More governments seeking data from Google

The number of governments around the world requesting data, including user information, from Google Inc., has jumped more than 70 per cent since 2009, according to the Internet search giant.

Tallies from Google’s biannual transparency report indicate that for the six months covering July through December last year, the company received 21,389 information requests for some 33,634 users. The figures show a slight increase from the 20,938 request for 34,615 user information in the first half of 2013.

The United States held its lead as the country responsible for the most government data request with 8,438 in the second half of 2012, up six per cent from 7,969 during the first half of the year. A distant second was India, which made 2,431 requests. The government that made the smallest number of requests was Denmark which made only 34.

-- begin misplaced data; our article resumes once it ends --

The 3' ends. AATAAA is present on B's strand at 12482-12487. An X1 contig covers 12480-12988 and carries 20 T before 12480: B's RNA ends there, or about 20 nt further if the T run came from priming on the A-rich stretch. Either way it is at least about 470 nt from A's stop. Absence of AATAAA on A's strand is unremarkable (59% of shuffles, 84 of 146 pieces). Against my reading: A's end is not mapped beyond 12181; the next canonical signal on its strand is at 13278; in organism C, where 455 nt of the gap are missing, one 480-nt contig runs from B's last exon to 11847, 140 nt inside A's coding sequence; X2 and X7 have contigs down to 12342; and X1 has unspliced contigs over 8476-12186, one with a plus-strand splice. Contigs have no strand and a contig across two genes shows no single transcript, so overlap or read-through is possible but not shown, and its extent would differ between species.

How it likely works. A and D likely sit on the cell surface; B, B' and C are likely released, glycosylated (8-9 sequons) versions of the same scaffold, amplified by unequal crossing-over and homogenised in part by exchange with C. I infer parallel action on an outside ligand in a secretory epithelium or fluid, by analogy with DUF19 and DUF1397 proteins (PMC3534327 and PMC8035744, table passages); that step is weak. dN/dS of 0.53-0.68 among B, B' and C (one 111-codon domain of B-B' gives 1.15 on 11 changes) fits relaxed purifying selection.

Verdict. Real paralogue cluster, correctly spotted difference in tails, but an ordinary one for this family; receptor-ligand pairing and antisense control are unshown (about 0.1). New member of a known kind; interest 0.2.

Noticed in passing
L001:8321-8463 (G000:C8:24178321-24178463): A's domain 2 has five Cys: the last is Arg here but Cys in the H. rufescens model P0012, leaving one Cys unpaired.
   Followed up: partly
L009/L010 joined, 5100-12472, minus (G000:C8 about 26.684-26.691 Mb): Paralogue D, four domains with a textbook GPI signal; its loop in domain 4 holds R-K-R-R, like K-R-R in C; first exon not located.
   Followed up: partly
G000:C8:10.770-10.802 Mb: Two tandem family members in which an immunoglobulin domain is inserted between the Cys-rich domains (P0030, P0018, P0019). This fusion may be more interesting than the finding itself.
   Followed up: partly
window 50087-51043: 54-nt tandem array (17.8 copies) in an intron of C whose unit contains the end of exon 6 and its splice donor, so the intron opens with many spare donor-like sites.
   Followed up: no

No less that 68 per cent of the requests made in the U.S. were done through subpoenas, Google said. These requests were for user-identifying information under the Electronic Communications Privacy Act. Subpoena requests, Google said, are the easiest to obtain because they often do not need to be reviewed by a judge.

Google has been disclosing data when requested by governments since 2010. While its report covers criminal matters, the company said it cannot be certain that requests are for criminal investigations.

Battered by frequent complaints over violation of privacy, Google last year announced it was creating a “privacy team” to ensure that privacy risks and breaches are eliminated

In the past Canada’s Privacy Commissioner Jennifer Stoddart has repeatedly singled out Google for its failure to protect users’ private information.

Stoddart even teamed up with nine other privacy authorities from other countries in calling on Google to take into account users’ privacy when launching new applications and services.

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Jim Love, Chief Content Officer, IT World Canada

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